Static Typing in Python

Sean Ross sross at
Sat Mar 13 18:47:43 CET 2004

"Gonçalo Rodrigues" <op73418 at> wrote in message
news:01b650lrd53rbab3uis6dlqv38u52pk0e8 at
> I don't know a thing about perl, but by your description, strict
> pragma is to solve a problem *in perl that does not exist in Python*.
> If you use a variable before declaring (I'm using your terminology --
> it's not the most correct in the Python world, though) Python just
> raises an exception, e.g.
> >>> #No var declared... exception raised:
> >>> print var

There's another class of problem:

# trivial example based on
class A:
    def __init__(self):
        self.area = None
    def square(self, side):
        self.arae = side * side     # spelling mistake creates new attribute
    def circle(self, radius):
        self.area = 3.14 * radius * radius

a = A()
print a.area  # 3.14 -> ok
print a.area  # 3.14 -> unintended

Having never used pychecker, I can't say for certain, but I expect it will
catch problems of this sort, and, as someone else suggested, unit tests
should also nip this in the bud. Still, while I don't advocate it, I would
be adverse to *optionally* letting the language impose some form of
distinction between variable creation and variable update - which is what
"use strict" allows. Whether you use it or not is left up to your own tastes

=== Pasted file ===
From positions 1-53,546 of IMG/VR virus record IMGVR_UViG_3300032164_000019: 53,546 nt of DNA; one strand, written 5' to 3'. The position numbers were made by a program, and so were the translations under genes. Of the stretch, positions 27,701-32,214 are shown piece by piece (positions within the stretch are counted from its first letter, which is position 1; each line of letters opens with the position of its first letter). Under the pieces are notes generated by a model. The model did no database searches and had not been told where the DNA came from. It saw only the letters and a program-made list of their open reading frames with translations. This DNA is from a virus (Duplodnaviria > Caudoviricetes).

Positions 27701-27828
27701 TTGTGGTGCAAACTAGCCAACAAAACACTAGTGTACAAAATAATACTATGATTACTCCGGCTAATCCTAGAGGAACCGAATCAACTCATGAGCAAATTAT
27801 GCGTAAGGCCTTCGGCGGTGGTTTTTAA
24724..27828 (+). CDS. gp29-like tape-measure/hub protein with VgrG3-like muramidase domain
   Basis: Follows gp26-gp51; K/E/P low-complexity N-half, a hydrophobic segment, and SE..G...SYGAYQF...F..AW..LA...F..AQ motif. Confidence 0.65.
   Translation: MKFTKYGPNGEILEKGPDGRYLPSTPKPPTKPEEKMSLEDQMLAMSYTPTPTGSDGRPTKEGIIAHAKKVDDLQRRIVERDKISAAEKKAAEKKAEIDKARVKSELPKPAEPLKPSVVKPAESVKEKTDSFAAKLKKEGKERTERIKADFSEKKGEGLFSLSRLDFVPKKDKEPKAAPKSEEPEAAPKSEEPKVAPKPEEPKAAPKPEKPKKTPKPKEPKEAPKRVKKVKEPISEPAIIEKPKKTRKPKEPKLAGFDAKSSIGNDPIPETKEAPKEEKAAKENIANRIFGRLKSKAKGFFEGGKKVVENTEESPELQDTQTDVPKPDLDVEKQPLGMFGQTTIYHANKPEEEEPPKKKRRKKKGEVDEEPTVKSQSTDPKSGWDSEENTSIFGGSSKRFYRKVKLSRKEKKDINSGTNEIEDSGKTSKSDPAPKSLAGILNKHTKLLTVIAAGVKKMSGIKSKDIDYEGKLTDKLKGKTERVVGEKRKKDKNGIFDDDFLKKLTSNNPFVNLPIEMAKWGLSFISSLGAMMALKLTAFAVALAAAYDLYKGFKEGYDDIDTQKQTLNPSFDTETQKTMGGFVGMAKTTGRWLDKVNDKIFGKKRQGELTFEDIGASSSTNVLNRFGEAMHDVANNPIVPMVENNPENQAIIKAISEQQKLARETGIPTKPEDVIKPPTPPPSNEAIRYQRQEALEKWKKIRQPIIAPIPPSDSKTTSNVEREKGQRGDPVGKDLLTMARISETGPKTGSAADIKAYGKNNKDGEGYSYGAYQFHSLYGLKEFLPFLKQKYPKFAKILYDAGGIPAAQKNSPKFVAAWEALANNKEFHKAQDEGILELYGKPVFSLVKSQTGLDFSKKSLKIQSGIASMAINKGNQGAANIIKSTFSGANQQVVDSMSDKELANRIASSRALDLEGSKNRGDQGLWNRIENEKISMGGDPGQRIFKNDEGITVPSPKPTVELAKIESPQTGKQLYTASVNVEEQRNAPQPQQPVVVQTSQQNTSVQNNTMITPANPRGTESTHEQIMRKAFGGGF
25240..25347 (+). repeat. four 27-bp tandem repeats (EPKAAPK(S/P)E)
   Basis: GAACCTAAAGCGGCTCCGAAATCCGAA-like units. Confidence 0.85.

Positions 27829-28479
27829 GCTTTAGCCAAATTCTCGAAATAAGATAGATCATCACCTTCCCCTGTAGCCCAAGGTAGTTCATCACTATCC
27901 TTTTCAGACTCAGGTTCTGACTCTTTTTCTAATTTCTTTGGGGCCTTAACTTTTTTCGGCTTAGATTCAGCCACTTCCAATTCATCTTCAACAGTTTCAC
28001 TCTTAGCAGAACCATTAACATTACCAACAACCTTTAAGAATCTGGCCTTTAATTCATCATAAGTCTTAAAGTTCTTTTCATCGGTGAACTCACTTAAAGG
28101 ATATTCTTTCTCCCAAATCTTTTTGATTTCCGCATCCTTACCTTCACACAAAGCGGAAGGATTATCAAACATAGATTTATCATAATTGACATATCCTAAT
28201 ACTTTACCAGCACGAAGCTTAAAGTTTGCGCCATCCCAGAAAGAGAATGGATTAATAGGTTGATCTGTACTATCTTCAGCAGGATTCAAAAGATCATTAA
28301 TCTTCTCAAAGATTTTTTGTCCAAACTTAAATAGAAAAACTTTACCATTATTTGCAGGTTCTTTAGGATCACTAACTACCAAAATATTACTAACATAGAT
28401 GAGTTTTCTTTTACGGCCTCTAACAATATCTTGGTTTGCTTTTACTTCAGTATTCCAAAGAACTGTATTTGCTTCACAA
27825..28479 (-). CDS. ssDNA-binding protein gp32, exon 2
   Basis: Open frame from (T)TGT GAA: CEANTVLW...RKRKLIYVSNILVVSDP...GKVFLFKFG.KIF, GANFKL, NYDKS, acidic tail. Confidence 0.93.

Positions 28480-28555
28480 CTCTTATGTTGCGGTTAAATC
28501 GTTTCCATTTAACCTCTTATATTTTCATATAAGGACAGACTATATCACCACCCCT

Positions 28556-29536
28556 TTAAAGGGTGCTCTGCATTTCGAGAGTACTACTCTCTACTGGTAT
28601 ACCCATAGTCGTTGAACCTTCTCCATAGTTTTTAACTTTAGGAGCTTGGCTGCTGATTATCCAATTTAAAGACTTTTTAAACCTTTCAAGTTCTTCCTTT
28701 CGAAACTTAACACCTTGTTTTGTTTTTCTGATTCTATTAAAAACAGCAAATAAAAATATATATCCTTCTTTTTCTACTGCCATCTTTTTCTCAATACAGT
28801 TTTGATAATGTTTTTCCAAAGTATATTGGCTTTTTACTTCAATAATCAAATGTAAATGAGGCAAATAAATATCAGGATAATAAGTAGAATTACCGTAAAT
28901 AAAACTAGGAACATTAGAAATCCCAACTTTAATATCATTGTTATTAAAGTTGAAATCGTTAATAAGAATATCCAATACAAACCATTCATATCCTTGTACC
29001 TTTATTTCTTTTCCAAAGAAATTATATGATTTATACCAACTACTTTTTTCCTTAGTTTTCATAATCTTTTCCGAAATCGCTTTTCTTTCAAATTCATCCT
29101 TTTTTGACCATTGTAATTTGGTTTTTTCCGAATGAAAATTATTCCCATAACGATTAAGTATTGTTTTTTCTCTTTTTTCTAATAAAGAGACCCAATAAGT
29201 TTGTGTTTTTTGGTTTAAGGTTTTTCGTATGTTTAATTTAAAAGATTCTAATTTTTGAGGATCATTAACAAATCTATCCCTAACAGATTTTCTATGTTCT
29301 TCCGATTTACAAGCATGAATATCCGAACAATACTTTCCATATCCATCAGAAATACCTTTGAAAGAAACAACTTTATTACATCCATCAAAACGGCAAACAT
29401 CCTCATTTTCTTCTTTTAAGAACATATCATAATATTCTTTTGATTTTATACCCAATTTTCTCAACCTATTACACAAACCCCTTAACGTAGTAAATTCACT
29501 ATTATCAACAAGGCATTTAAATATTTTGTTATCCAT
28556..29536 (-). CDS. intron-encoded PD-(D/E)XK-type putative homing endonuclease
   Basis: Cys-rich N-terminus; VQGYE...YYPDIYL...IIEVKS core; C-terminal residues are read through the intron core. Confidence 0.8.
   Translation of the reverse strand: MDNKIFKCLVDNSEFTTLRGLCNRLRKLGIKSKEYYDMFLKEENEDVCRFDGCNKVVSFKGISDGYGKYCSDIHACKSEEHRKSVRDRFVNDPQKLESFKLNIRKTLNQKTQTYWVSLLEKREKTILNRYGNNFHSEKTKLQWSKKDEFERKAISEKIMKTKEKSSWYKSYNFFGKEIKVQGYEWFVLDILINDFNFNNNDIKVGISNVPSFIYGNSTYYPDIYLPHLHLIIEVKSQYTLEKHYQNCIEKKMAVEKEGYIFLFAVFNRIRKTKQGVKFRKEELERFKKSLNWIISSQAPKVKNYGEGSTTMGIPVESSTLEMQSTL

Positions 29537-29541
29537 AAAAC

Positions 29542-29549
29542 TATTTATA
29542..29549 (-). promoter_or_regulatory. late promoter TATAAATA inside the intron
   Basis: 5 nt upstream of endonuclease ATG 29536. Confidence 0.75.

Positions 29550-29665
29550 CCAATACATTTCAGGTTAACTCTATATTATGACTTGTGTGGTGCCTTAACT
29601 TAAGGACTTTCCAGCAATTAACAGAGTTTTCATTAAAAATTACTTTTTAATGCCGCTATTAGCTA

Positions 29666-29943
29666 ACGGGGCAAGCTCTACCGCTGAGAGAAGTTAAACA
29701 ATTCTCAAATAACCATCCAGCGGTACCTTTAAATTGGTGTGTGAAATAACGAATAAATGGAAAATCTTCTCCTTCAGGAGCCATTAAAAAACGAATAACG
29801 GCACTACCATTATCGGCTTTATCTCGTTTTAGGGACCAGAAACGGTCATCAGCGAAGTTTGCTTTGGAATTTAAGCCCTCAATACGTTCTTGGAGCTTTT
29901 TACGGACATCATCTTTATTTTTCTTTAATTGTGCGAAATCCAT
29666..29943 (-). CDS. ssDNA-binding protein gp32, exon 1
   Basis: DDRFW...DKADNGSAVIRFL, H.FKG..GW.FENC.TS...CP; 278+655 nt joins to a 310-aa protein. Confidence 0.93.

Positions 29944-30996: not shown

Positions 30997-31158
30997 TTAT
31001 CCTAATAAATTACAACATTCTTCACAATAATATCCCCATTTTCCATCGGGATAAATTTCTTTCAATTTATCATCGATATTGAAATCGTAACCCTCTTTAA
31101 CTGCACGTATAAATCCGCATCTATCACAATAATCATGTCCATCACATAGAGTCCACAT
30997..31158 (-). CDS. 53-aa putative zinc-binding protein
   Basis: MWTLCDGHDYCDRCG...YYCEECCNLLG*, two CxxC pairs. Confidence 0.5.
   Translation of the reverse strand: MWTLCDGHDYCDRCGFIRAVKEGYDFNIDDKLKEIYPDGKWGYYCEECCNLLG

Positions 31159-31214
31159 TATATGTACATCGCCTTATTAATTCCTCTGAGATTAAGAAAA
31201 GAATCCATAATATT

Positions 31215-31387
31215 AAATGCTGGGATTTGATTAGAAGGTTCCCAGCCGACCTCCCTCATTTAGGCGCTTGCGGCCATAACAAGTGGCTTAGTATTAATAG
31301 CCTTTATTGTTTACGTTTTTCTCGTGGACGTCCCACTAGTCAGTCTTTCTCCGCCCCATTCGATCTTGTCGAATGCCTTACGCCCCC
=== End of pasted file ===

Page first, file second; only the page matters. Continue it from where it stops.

and/or discretion - you're not forced to declare your variables if you don't
want to (although you will be forcing others to read it, if you do). But, if
you do want to, you can, and the language will help enforce this choice.

So, hypothetically, you could introduce an optional let statement:

use strict  # or, from __future__ import let, or nag, or whatever
class A:
    def __init__(self):
        let self.area = None         # uses 'let' for variable creation
    def square(self, side):
        self.arae = side * side     # Exception, undeclared variable "arae"
    def circle(self, radius):
        self.area = 3.14 * radius * radius

Now the language would catch this error in your code for you - no need
to run outside programs (pychecker, your test suite) to find something
so trivial. You'd have a whole lot of 'let's cluttering up your code - but,
you asked for it ... (of course, I didn't ask to have to read it - but
that's beside
the point - or, is that the point?)

Still, there are issues. For instance:

use strict
class B:
    def __init__(self, **kwds):
         self.__dict__.update(kwds)  # I "know" one key/value will be
    def baz(self):
        print self.b    # so, I'll use it here.
                              # Not best practice, perhaps, but whatever ...
b = B(b="B")
b.baz()  # Exception?

So, here we're adding attributes dynamically, one of which is/will be
But, self.b was not explicitly created (there's no "let self.b = 'B'"). Can
use self.b? I wouldn't expect so. I imagine the answer in this case would be
to not use strict.

There are probably other problems besides restricting dynamism and adding
clutter, but I'm sure others will be along shortly to point those out.


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